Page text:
Not at all158 (35)
     Rather not141 (31)
     Sometimes108 (24)
     Rather yes30 (7)
     Absolutely12 (3)

IQR = interquartile range
* Six respondents had missing values for “overall job satisfaction”, one for “major medical errors”, one for “suicidal ideation”, and one for “intention to leave clinical practice”.
† Being concerned about having made any major medical errors during the last three months.
‡ Having had thoughts of taking one’s own life during the last 12 months.

Physician Well-Being Index

The mean PWBI score was 2.7 (standard deviation 1.7). Nineteen percent of residents had a score of ≥5 points, indicating a reduced well-being (table 4). Sixty percent felt burned out from work (emotional exhaustion) during the last month, 47% were worried that their work was hardening them emotionally (depersonalisation), and 32% reported both symptoms. Fifty-seven percent indicated that they were bothered by emotional problems, and 42% felt that things they had to do were piling up so high that they could not overcome them.

Table 4

Physician Well-Being Index (PWBI).

Items of the PWBI*Endorsing item (N = 450)
n (%)
Have you felt burned out from your work?268 (60)
Have you worried that your work is hardening you emotionally?211 (47)
Have you often been bothered by feeling down, depressed or hopeless?135 (30)
Have you fallen asleep while stopped in traffic or driving?14 (3)
Have you felt that all the things you had to do were piling up so high that you could not overcome them?191 (42)
Have you been bothered by emotional problems (anxious, depressed, or irritable)?258 (57)
Has your physical health interfered with your ability to do your daily work at home and/or away from home?138 (31)
No. of items presentn (%)
057 (13)
175 (17)
280 (18)
378 (17)
474 (16)
567 (15)
618 (4)
71 (0)

* During the last month

Association between reduced well-being and personal and work-related factors

After adjustment, the likelihood of a reduced well-being increased by 19% per year of age (odds ratio [OR] 1.19, 95% confidence interval [CI] 1.05–1.34) (table 5). Residents with children were significantly less likely to show a reduced well-being than residents without children (OR 0.12, 95% CI 0.03–0.51). The likelihood of a reduced well-being increased by 4% for every additional hour worked per week (OR 1.04, 95% CI 1.01–1.07). Respondents who spent less than 2.5 hours per work day on activities that they find personally rewarding were almost four times more likely to have a reduced well-being (OR 3.73, 95% CI 2.01–6.92). Although residents who had low satisfaction with the quality of their training (OR 1.64, 95% CI 0.56–4.84) and their personal job autonomy (OR 2.24, 95% CI 0.96–5.23) were also somewhat more likely to experience a reduced well-being, and those with a partner working as a healthcare professional (OR 0.54, 95% CI 0.28–1.06) were somewhat less likely to have a reduced well-being, these associations failed to reach statistical significance. Female sex, relationship status, years of postgraduate training, level of employment, administrative workload, satisfaction with the EMR and income were not associated with well-being.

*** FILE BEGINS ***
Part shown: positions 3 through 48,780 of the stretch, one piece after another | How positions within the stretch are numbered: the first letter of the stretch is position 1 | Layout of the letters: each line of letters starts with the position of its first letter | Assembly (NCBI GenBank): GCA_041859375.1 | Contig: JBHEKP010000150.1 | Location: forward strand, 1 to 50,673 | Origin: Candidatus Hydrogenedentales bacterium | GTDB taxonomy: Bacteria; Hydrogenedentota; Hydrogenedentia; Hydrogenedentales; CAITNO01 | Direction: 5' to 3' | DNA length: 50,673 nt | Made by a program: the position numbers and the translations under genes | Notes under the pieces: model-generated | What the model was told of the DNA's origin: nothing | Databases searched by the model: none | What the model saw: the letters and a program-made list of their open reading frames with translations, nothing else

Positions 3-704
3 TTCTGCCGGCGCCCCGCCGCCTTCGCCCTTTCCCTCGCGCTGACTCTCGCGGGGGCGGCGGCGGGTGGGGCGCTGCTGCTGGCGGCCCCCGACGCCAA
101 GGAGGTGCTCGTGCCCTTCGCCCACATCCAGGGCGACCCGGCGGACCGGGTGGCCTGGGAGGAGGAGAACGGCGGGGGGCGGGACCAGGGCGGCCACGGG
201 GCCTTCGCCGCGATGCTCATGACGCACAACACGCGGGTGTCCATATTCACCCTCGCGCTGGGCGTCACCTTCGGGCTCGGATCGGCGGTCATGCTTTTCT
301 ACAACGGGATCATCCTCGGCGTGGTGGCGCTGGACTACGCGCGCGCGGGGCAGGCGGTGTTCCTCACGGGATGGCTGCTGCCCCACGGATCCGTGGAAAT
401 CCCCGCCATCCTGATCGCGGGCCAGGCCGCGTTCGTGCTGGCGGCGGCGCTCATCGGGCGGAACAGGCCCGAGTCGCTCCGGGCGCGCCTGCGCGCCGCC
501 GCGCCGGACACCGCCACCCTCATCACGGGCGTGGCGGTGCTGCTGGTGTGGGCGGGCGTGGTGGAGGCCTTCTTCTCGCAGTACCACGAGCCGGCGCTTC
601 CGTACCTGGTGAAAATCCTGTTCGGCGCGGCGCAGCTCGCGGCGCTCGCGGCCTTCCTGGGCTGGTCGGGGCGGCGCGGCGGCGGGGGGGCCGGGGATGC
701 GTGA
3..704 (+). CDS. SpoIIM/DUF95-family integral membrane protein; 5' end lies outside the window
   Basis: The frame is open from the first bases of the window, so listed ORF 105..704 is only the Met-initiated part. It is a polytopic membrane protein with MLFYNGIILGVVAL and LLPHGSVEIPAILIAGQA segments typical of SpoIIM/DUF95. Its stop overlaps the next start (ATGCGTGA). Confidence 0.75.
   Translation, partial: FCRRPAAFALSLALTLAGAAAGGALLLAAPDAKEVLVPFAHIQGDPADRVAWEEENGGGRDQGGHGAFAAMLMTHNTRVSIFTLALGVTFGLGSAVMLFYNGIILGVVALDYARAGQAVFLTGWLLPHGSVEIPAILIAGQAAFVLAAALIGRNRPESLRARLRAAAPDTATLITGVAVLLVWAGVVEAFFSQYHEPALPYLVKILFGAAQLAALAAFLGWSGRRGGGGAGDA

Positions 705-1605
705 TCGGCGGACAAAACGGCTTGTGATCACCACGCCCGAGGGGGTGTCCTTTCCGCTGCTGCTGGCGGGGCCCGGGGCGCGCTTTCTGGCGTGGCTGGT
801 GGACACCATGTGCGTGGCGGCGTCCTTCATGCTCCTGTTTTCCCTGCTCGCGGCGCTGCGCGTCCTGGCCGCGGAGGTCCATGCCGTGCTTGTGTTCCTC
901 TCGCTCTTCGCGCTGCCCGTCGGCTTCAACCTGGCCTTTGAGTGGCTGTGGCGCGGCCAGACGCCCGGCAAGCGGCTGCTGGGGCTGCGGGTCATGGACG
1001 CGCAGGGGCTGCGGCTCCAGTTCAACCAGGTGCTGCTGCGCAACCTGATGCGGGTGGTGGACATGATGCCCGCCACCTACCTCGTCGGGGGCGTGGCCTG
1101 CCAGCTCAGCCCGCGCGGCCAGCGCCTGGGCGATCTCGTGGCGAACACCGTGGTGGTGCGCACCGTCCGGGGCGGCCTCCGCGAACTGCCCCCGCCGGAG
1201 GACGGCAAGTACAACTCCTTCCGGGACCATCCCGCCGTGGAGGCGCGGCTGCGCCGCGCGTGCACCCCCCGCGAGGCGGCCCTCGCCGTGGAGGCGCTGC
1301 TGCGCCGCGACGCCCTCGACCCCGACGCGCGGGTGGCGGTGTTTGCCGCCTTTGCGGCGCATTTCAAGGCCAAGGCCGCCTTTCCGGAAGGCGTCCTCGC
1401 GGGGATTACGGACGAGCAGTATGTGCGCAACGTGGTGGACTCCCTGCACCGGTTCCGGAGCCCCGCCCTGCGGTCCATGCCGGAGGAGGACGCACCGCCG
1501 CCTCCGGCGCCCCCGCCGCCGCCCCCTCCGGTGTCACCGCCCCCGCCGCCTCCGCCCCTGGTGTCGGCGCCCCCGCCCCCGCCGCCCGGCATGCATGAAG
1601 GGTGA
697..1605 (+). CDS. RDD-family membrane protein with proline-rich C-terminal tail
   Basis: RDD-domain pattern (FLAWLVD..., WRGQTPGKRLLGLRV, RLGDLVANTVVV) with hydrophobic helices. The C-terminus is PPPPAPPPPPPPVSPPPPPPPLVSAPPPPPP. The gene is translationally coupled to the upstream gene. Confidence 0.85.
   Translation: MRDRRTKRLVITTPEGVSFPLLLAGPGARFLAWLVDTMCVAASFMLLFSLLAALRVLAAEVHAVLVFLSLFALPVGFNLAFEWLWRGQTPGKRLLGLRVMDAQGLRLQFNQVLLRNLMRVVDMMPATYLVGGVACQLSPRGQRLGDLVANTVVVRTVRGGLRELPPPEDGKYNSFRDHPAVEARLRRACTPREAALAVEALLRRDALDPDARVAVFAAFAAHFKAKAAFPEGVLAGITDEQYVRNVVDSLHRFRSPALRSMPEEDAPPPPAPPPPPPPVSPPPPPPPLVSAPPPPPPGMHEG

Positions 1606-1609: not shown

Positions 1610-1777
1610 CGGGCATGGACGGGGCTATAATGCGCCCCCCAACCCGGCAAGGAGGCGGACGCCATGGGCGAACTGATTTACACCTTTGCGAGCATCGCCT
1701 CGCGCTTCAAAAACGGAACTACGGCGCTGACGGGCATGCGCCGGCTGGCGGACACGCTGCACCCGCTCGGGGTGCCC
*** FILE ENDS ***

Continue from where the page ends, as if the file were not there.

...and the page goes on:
Table 5

Associations between personal or work-related factors and reduced well-being*.

FactorsAdjustedOR (95% CI)p-value
Age, per year1.19 (1.05–1.34)0.005
Female sex1.60 (0.87–2.95)0.134
French language1.30 (0.70–2.38)0.405
Married or in a relationship0.84 (0.43–1.63)0.604
Partner working as a healthcare professional0.54 (0.28–1.06)0.073
Having children0.12 (0.03–0.51)0.004
Years of postgraduate training, per year0.94 (0.76–1.17)0.568
Level of employment, per 10%0.90 (0.57–1.44)0.671
Working hours per week, per hour1.04 (1.01–1.07)0.016
Administrative workload, per 10%§0.97 (0.80–1.17)0.759
<2.5 rewarding work hours per day3.73 (2.01–6.92)<0.001
Low satisfaction with training quality1.64 (0.56–4.84)0.370
Low satisfaction with electronic medical record1.29 (0.72–2.30)0.392
Low satisfaction with personal job autonomy2.24 (0.96–5.23)0.061
Low satisfaction with income**0.97 (0.43–2.20)0.936

OR = odds ratio; CI = confidence interval
* Reduced well-being was defined as a PWBI score of ≥5.
† Adjustments were made for all other variables.
‡ Average working hours per week during the last three months.
§ Percentage of time spent on administrative tasks on an average working day during the last three months.
¶ Hours spent on activities that one finds personally rewarding in a typical day at work.
‖ Dichotomised as high (“very satisfied”, “satisfied” or “partially satisfied”) versus low (“dissatisfied” or “very dissatisfied”).
** Dichotomised as high (“completely satisfied” or “partially satisfied”) versus low (“dissatisfied”).